Farmhouse was conceived as Sophie Blackall mulled the purchase of an abandoned dairy farm in upstate New York, with an eye toward building a retreat for children’s book creators. (She did purchase the farm, and the retreat, called Milkwood, opened this past June.) Blackall knew that the property’s old white farmhouse, once home to a family with 12 children, couldn’t be saved—it was too far gone. After she made a few forays inside for treasures and keepsakes, an excavator buried the house beneath the dirt, and it became a wildflower meadow.
Though the house was gone, the vision of the family and their 12 children stayed with Blackall, and she began to think about how to tell their story. The book that emerged follows paper-doll figures of the children and their parents playing, cooking, and getting up to mischief. The interconnected rooms of the house are all sections of one giant cutaway view, which Blackall drew and built using materials she found in the farmhouse: fabric, old wallpaper, bits of magazines and school papers.
To portray what happened to the house after the family left and nature took over, Blackall transformed the piece of artwork she’d created, littering the floor with leaves, tearing the wallpaper, drawing the willow sapling growing in front of the kitchen window and the bear sleeping in the basement that a neighbor had told her about. At the story’s end, Blackall herself appears; readers see her venturing into the house, then sitting down with her paints to create “this book that you hold.” PW spoke with Blackall about the giant portrait of the house, how it came to be stored in flat files that once belonged to Maurice Sendak, and what you do when the words for a picture book come to you but you’re in a car with no pen.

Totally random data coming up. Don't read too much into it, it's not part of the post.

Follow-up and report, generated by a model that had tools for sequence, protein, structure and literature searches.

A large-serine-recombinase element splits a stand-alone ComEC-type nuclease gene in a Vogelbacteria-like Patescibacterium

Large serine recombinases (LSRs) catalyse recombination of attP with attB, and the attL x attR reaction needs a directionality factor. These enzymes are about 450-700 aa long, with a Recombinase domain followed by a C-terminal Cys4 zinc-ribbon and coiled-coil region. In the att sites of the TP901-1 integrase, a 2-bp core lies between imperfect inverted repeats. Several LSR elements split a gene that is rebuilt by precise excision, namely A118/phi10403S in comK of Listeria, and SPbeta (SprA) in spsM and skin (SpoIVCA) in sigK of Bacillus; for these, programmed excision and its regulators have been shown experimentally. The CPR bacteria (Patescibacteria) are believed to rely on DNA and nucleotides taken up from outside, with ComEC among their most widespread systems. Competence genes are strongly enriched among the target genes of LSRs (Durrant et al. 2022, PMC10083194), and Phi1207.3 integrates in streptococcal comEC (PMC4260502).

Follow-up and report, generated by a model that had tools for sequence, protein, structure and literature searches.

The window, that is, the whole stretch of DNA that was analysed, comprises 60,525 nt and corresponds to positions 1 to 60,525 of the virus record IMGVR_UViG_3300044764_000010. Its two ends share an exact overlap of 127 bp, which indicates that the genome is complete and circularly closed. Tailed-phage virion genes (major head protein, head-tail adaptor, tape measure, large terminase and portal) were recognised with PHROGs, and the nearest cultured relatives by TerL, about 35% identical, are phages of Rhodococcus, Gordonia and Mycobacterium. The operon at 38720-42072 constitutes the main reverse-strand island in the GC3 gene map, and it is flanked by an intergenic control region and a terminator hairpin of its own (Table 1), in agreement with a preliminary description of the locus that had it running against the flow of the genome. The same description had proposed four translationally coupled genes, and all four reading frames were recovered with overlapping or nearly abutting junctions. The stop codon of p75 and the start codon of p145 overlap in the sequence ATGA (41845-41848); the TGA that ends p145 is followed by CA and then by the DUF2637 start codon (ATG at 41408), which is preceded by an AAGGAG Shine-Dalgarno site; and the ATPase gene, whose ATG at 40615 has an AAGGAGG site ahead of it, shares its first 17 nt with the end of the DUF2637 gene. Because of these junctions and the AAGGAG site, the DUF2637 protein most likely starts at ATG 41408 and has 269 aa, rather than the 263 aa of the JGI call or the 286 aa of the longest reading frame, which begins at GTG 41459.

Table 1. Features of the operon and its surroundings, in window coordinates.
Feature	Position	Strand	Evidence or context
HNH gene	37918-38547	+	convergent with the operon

Did the text come first, or the artwork?
I knew I was going to make the house, and to make it as one giant piece of art. That came to me even before I wrote the story. I knew what it was going to look like, and I started drawing up the house; I had a diagram of it. Then I got down on the floor with massive sheets of paper and drew something like an elevation on a giant roll of drafting paper. It took days and days. Originally I was going to do it as I usually do, in Chinese ink and watercolor, on sturdy, beautiful watercolor paper. Then I realized it was going to take forever to transfer it onto better paper. I just started building onto the drafting paper with bits of old newspaper and wallpaper I’d found in the house. It was almost a papier-mâché kind of surface, and then for reinforcement I stuck the whole thing onto extra rolls of wallpaper that I also found in the house. “Oh yes!” I thought, “This is going to be fun!”
And did you photograph it?
In the end I scanned it. It had to stay flat because there were so many tiny little moving pieces. That was the only time where my heart was in my mouth; I had to cut it up a little bit.
But then you reenacted the disintegration of the house? You glued the dilapidated parts right over the painting of the farmhouse and the images of the family?
I did. That was really interesting, and quite moving. I felt with this book—partly because perhaps the pandemic has caused us to live with our projects in a more focused way, because there are fewer distractions—I really felt like I was in this house. I built the rooms, the furniture, the people, and then I built the scenes, imagining what they would have done in those rooms. Because I met the house in that stage, I knew that’s where I wanted it to go—the peeling wallpaper, all the encroaching nature, the plants, the animals. To physically make that happen in the art, it was quite a lovely process. I did have to take a deep breath and say, “Go! Here we go!” But there was no regret at all. I didn’t feel any sense of “I’m ruining it.”
And I knew that the original house, the original artwork, was underneath it, too. I made the children and put them into bed, I painted their clothes… to me, it was part of pouring the love into this book.